Ruby Hughes, Joseph Middleton & Ensemble 360

Crucible Playhouse, Sheffield
Thursday 19 May 2022, 7.00pm

Tickets: £20
£14 Disabled & Unemployed
£5 Students & Under 35s

Save £s when you book for 5 or more concerts*

Past Event

IVES Housatonic at Stockbridge (4’)
IVES Mists (2’)
IVES Serenity (2’)
GRIME Bright Travellers (15’)
BRITTEN Ca’ the yowes (4’)
RESPIGHI Il Tramonto (15’)
RAVEL String Quartet (30’)
PRITCHARD Peace (5’)

Soprano Ruby Hughes is celebrated internationally for her soulful tone, emotional intensity and commanding presence. Together with acclaimed pianist Joseph Middleton, they have created intimate performances and recordings, including their highly praised 2021 release of Helen Grime’s moving song cycle ‘Bright Travellers’, exploring the intense joys and pains of early motherhood.

In the second half, Respighi’s beloved sunset song for voice and string quartet brings Hughes together with the string players of Ensemble 360, who will then share Ravel’s dazzling quartet before being rejoined by this very special guest to conclude with a delicate blessing in song.

Song sheets will be available to purchase at this concert. 

Please note the earlier start time for this concert.

Sheffield Chamber Music Festival runs 13–21 May 2022

GRIME Helen, Bright Travellers

i. Soundings
ii. Brew
iii. Visitations
iv. Milk Fever
v. Council Offices

I came across Fiona Benson’s collection ‘Bright Travellers’ by chance not long after I’d given birth to my son. I was very taken and moved by the series of poems about pregnancy and early motherhood and knew instantly that I wanted to set them. The poems are direct, sometimes funny and achingly beautiful and have a natural musicality about them. Writing this set of five songs was an extremely intense and sometimes emotional experience for me, as the poems move between a huge range of emotions from hope and joy to great sadness.

© Helen Grime

RAVEL Maurice, String Quartet in F

Allegro moderato. très doux
Assez vif. très rythmé
Très lent Vif et agité

The first two movements of Ravel’s Quartet were finished in December 1902 and the next month he submitted the first movement for a prize at the Paris Conservatoire, where he was still a student. The jury was unimpressed and the Director Théodore Dubois was typically acidic, claiming that it “lacked simplicity”. The failure to win a prize meant that Ravel’s studies with Fauré were over but Ravel persisted with the Quartet, and by April 1903 he had finished all four movements. He put it aside for yet another doomed attempt at the Prix de Rome, but it’s likely that he made further revisions later in the year. The pianist and composer Alfredo Casella recalled running into Ravel in the street in January 1904: “I found [Ravel] seated on a bench, attentively reading a manuscript. I asked him what it was. He said: It is a quartet I have just finished. I am rather pleased with it.” The first performance was given at the Schola Cantorum by the Heymann Quartet, on 5 March 1904. It is dedicated “à mon cher maître Gabriel Fauré”.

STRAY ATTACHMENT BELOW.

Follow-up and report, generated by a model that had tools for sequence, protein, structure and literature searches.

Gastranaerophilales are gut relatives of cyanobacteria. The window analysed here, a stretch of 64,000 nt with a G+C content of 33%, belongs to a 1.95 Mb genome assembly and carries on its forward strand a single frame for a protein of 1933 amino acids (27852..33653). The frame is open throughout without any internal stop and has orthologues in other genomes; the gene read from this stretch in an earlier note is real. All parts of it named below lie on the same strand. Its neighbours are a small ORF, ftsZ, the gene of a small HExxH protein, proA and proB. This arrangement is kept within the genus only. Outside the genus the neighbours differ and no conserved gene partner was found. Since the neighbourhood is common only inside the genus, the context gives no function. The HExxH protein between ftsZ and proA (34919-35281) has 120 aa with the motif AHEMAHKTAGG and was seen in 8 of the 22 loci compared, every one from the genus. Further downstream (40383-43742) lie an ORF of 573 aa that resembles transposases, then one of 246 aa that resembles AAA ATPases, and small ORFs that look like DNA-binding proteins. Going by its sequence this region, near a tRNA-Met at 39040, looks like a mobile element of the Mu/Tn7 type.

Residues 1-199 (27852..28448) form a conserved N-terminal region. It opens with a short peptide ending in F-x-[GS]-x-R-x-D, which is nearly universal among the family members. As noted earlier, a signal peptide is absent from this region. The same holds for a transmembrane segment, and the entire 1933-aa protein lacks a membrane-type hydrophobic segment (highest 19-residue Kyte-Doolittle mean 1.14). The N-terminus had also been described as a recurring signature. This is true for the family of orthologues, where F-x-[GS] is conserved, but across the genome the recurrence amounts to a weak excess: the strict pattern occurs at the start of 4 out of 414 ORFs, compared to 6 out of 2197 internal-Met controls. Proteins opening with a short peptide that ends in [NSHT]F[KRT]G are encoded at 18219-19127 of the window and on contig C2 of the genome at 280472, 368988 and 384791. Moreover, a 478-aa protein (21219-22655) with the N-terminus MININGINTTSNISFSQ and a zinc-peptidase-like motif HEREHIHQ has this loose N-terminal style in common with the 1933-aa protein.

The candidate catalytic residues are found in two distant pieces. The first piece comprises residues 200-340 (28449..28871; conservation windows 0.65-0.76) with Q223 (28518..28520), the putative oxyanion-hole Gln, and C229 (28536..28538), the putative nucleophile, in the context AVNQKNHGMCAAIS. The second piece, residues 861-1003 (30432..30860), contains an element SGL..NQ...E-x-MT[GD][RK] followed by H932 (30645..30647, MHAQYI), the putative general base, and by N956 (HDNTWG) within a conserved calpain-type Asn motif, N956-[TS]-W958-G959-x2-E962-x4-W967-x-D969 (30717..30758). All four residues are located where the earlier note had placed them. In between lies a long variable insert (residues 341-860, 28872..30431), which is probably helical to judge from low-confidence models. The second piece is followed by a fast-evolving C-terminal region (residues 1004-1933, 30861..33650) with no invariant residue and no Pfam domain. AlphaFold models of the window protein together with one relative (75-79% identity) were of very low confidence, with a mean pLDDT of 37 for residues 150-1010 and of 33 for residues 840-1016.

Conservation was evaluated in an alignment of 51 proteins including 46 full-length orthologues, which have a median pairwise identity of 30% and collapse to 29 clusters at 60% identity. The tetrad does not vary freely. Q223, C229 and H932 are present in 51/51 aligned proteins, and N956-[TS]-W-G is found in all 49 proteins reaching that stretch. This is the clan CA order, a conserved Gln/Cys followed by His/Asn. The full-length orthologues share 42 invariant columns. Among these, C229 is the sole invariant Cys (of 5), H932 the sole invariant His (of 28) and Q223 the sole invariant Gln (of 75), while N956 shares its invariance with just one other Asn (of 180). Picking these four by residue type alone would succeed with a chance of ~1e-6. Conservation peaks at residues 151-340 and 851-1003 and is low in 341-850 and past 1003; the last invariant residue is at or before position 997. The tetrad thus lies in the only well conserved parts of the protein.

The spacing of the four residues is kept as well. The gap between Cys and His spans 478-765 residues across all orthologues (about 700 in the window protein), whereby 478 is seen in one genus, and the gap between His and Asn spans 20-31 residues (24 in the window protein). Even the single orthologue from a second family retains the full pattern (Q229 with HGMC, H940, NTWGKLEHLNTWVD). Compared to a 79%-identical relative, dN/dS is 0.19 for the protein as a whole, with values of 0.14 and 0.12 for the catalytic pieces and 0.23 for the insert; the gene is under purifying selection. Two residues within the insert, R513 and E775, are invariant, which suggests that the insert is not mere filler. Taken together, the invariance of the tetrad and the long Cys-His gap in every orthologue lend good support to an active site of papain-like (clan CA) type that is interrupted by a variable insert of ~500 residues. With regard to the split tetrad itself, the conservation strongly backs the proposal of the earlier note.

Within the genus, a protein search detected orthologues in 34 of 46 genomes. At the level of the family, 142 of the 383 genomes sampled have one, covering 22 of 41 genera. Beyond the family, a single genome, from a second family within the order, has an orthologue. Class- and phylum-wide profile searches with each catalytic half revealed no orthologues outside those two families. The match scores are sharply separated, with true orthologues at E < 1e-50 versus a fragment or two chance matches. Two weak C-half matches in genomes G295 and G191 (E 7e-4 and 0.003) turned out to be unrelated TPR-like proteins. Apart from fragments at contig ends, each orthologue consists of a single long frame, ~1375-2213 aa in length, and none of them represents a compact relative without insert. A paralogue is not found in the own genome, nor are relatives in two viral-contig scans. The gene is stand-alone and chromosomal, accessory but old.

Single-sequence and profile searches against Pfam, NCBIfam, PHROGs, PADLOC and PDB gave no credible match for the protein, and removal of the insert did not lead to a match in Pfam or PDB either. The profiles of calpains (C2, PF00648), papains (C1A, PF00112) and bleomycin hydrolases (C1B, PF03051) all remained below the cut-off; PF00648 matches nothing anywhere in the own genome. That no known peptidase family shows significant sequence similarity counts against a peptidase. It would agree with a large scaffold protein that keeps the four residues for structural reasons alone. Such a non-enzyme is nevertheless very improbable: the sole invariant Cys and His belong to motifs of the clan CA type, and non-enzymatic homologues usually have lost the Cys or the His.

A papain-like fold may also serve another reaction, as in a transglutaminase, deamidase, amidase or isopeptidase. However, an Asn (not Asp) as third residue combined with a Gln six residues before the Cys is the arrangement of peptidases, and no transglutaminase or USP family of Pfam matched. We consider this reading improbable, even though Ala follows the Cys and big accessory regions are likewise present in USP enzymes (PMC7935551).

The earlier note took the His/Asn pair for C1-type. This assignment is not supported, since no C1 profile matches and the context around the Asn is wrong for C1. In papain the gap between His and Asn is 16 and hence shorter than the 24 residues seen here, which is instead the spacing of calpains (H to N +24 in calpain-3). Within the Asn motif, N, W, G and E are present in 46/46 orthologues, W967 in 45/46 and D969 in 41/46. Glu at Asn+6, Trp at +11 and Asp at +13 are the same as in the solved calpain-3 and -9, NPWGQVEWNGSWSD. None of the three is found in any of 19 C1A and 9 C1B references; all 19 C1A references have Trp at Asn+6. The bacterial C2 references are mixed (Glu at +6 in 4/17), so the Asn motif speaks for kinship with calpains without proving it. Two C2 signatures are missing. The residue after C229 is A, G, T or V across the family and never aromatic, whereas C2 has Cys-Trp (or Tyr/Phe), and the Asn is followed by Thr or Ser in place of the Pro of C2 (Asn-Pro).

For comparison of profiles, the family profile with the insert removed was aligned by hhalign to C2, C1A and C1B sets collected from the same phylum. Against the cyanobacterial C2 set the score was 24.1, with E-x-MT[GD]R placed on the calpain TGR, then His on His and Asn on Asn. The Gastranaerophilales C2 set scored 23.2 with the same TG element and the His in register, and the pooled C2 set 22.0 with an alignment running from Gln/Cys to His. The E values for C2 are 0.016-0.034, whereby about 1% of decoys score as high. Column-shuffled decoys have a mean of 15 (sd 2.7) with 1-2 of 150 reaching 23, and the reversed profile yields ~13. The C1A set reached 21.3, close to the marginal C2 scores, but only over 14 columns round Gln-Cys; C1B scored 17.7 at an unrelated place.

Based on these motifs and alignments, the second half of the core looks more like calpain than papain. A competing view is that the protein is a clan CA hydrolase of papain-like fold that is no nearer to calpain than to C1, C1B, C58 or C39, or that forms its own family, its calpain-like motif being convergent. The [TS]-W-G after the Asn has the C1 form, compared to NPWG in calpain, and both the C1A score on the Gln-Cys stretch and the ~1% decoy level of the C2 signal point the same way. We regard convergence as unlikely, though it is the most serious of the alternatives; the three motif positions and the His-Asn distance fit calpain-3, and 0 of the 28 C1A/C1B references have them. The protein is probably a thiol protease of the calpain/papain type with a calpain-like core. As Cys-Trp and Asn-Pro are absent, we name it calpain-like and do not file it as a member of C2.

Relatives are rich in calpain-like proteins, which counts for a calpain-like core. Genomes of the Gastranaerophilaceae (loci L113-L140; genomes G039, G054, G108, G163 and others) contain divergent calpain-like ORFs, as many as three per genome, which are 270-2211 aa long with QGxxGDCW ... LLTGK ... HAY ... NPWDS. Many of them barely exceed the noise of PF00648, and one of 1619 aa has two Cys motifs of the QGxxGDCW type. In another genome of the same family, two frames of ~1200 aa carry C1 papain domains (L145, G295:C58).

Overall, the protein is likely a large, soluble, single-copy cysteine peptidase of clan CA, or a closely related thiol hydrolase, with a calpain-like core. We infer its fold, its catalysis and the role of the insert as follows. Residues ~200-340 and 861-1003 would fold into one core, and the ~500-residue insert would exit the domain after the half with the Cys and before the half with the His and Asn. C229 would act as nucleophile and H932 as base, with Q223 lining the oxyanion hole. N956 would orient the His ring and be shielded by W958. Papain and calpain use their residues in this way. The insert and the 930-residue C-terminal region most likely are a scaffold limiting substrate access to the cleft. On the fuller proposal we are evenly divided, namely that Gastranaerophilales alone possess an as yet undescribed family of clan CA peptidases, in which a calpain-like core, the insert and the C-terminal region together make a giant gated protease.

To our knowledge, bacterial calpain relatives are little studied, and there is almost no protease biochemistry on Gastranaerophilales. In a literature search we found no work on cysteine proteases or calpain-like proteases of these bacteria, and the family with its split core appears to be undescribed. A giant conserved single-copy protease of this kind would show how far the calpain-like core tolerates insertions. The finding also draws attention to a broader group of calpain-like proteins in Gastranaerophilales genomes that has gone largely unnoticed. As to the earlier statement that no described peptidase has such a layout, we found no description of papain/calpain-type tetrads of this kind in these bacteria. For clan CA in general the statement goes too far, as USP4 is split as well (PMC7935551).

In a parallel with Debussy’s Quartet, Ravel makes use of cyclic themes – material heard in the first movement returns in various guises throughout. The second movement is notable for Ravel’s brilliant use of cross-rhythms as all four string players become a kind of gigantic guitar. The rhapsodic slow movement includes a dream-like recollection of the cyclic theme. In the finale, Ravel’s use of irregular time signatures generates a momentum that is not only impossible to predict but impossible to resist. Recollections of the cyclic theme are woven into the texture with great subtlety and the kaleidoscopic string writing produces a conclusion that glitters and surges.

Nigel Simeone © 2012

“When Hughes sings of fire, you feel the heat. At the word ‘weeping’, your heart breaks.”

The Times